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The Latest On Apple’s IOS 14: What’s New And How It’s Impacting Advertisers



A couple months ago, I shared my thoughts around what Apple’s iOS 14 updates mean for advertisers. And since then, a lot has changed.

That’s why I’m back for another update. 

And by the way….while I’m writing this I’m in the middle of wrapping my head around the current state. So, I thought it would be helpful to bring you all along for the ride.

Let’s get into it.

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A timeline of Apple's recent iOS updates

This all started back in June 2020 – and I covered the timeline of events through December 2020 in our last post. Here are the key events that have occurred since then:

  • In February, Facebook released their new resource center in Ads Manager to provide alerts, checklists, and resources to help advertisers navigate the changes.
  • On April 26th, iOS 14.5 was released. This officially launched App Tracking Transparency
  • With this rollout on April 26th, Facebook added an educational banner to promote the importance of personalized ads right before the Apple prompt for their apps:

And now that we know the timeline of events, let’s talk about how it's gone so far.

What we know about the rollout of iOS 14.5

Since rolling out iOS 14.5 in April, adoption has been fairly slow for consumers. According to this article from Branch, only 20% of iOS users had updated to iOS 14.5 as of June 2021. And for those that updated to iOS 14.5, the team at Flurry have been watching closely and reported a 13-15% opt in average by the third week after the rollout. This means, approximately 14% of users who saw the Apple Prompt agreed to opt into app tracking (yes, that means 86% did not).

Now it’s important to keep in mind that the 14% benchmark is still only a measure of the ~20% of users who upgraded to iOS 14.5 by this point. And your Facebook targeting includes devices outside of iOS (like Android, desktop devices, and more). 

As time goes on, it’s certain that we’ll see iOS 14.5 adoption and Apple prompt engagement grow rather quickly. But for now, let’s ignore the numbers

Because here’s the thing…they shouldn’t really matter. A strong foundation and following the basics will always win. And regardless of adoption and fluctuation during these iOS changes, Facebook is rolling out updates and producing new resources to help advertisers maintain performance during this time.

But we can’t ignore the fact that these changes have had an impact on advertising performance. So, let’s review what we’ve learned, what it means, and what actions you should be taking.

The impact of iOS 14.5 on advertisers (so far)

1. Delayed conversion reporting: as an advertiser myself, this is where I’m experiencing most pain from the changes. Before the iOS changes, advertisers could feel confident in the significance of data within a recent timeframe to make account decisions and optimizations. But with the delay in conversion reporting, your performance results can dramatically change overnight. This makes it difficult to optimize based on Facebook reported performance data over the last 7 or 14 days.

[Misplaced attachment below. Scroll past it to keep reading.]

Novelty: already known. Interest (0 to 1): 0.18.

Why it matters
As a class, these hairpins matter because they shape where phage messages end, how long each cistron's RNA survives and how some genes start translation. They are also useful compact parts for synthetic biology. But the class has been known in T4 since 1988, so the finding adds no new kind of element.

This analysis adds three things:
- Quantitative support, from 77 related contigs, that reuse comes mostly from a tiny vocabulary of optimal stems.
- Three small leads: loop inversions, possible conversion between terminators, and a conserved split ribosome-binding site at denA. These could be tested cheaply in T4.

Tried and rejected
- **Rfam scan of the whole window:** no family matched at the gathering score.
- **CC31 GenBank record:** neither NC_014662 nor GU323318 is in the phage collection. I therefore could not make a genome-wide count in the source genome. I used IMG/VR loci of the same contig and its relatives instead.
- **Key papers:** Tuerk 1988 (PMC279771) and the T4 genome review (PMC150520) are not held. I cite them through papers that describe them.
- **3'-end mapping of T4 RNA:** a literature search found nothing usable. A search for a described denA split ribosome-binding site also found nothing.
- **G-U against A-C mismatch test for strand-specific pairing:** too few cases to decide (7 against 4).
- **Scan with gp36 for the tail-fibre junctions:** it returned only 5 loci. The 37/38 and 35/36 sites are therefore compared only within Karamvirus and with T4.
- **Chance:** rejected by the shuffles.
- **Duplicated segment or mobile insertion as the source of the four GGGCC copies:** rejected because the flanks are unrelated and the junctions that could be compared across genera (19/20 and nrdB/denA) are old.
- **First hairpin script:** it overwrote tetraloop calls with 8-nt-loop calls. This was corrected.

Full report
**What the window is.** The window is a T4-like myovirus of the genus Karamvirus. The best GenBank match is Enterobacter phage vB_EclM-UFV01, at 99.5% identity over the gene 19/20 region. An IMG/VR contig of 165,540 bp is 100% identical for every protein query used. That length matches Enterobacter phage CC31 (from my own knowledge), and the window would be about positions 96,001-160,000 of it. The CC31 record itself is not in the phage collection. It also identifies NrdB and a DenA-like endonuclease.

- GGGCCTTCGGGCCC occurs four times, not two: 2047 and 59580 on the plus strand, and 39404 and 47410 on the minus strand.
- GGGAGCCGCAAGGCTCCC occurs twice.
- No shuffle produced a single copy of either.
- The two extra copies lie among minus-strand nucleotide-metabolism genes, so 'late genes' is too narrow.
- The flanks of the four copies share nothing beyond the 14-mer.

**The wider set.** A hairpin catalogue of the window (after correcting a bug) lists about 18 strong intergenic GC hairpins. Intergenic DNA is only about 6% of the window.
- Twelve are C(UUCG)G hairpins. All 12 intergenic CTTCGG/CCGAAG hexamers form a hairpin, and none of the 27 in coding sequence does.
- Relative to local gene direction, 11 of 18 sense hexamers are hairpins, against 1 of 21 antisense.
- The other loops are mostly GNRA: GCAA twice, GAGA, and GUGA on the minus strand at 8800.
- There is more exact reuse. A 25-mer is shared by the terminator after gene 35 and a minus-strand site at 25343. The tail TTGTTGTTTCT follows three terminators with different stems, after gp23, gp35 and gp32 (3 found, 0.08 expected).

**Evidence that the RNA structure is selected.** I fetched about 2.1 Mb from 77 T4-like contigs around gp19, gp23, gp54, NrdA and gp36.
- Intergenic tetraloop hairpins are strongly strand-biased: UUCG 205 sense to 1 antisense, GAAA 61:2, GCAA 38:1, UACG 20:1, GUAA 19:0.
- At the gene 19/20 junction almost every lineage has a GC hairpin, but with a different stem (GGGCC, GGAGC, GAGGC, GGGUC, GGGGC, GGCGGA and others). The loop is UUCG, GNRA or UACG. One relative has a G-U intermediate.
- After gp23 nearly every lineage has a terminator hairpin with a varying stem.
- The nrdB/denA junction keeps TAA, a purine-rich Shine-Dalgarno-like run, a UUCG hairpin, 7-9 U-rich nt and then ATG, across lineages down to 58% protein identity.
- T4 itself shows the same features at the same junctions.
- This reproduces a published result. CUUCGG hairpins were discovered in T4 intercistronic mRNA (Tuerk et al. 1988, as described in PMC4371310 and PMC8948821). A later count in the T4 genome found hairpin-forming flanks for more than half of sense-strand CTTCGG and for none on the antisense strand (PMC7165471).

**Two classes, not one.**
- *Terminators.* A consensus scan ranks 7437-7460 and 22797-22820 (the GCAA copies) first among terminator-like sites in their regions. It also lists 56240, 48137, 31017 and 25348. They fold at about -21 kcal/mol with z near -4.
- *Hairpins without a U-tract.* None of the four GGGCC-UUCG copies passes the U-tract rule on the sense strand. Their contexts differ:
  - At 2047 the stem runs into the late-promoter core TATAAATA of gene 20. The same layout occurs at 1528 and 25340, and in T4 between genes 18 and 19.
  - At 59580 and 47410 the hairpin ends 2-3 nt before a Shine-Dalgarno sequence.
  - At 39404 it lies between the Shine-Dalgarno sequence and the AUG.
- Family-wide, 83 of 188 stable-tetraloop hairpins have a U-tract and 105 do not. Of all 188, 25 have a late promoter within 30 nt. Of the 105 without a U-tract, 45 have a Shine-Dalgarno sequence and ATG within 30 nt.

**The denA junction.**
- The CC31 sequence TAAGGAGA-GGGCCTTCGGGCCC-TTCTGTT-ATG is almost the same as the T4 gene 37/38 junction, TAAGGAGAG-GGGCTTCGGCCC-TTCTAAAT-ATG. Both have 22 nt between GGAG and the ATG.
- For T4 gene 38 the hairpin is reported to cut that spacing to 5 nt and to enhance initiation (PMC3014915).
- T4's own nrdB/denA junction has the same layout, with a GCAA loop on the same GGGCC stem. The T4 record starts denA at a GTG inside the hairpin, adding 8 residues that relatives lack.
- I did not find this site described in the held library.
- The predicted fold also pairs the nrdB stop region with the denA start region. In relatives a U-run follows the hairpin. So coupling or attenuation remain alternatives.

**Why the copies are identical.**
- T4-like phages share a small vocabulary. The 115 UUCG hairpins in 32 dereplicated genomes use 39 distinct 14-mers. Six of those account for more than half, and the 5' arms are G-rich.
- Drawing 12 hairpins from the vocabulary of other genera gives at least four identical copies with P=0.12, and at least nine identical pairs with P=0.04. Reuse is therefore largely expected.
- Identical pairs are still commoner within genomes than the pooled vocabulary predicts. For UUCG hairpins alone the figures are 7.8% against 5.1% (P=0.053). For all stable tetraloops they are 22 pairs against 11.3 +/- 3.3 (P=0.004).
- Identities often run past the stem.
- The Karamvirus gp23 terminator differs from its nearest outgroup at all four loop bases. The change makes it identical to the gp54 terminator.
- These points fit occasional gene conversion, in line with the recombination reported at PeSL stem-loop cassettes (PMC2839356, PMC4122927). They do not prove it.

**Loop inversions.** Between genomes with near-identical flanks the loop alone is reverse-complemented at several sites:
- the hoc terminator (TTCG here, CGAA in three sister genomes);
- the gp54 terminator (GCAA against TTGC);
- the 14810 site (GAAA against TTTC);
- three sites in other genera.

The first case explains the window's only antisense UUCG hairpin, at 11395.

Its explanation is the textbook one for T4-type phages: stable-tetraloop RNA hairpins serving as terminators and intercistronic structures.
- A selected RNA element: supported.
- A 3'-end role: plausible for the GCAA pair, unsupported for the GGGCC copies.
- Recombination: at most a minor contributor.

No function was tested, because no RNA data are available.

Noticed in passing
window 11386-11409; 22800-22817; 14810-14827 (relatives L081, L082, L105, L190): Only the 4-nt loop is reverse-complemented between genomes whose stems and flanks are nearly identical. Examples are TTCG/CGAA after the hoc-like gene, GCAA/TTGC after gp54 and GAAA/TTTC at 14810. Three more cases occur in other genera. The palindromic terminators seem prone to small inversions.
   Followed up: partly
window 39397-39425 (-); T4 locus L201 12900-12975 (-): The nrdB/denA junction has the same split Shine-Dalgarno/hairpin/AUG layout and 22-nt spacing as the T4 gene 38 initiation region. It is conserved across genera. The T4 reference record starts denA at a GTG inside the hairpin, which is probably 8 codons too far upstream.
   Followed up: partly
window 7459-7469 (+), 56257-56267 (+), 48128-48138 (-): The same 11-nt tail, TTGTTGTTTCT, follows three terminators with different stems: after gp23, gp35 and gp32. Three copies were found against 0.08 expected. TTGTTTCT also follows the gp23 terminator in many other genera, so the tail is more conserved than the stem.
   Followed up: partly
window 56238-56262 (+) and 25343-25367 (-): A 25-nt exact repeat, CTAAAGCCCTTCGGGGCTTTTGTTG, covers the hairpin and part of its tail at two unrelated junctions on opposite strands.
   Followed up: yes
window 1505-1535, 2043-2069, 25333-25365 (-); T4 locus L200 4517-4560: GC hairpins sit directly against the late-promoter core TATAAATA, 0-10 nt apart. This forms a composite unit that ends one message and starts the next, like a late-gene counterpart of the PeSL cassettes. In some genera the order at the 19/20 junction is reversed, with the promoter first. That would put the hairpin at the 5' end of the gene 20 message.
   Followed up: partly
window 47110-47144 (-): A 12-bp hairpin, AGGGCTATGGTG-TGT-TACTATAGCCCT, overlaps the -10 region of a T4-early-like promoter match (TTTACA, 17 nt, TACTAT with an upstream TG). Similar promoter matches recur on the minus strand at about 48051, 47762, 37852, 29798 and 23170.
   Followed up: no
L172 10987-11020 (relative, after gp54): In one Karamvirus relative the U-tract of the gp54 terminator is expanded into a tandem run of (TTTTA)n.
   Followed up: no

2. Initial increase in costs: many advertisers noticed an increase in costs across the board during the peak time of these changes. Especially in CPM (cost per one-thousand impressions) and cost per result. The good news is, as long as you follow the recommended steps, focus on the basics (more on this later) and have been patient with your account management during this time, you should start to see results regulate back to baseline.

3. Reduction in custom audience sizes: with the loss of tracking coverage, it’s likely that your custom audiences decreased in size. If you rely on custom audiences for remarketing or lookalike audiences, you should consider opening up the filters on your list. You should also keep in mind that your exclusion targeting that relies on custom audiences will be less effective as they once were.

4. Limitations to reporting: while updates like Aggregated Events Measurement and conversion modeling has helped to maintain total performance reporting, there have been significant losses into advertisers’ visibility into performance with Facebook Ads. This includes:

  • Delayed reporting: no more real-time reporting.
  • Estimated results: Facebook is not modeling your conversion data to help backfill the assumed loss in data from users who are opted out via ATT.
  • No support for breakdowns.

5. Changes to conversion windows: as we reported previously, Facebook has officially removed the 28-day attribution window and now advertisers must rely on the 7-day or 1-day windows to attribute conversions.

Those are the most noteworthy updates we’ve seen so far. Now let’s talk about the actions you should take.

How to minimize the impact of the iOS 14.5 updates

1. Make sure your domain is verified.

2. Configure your web events to take advantage of Aggregated Events Measurement.

3. Broaden your targeting to avoid learning limitations and enable your campaign/ad sets to scale. This could include actions like widening your lookalike range, turning on audience targeting expansion, or changing time window for your custom audiences.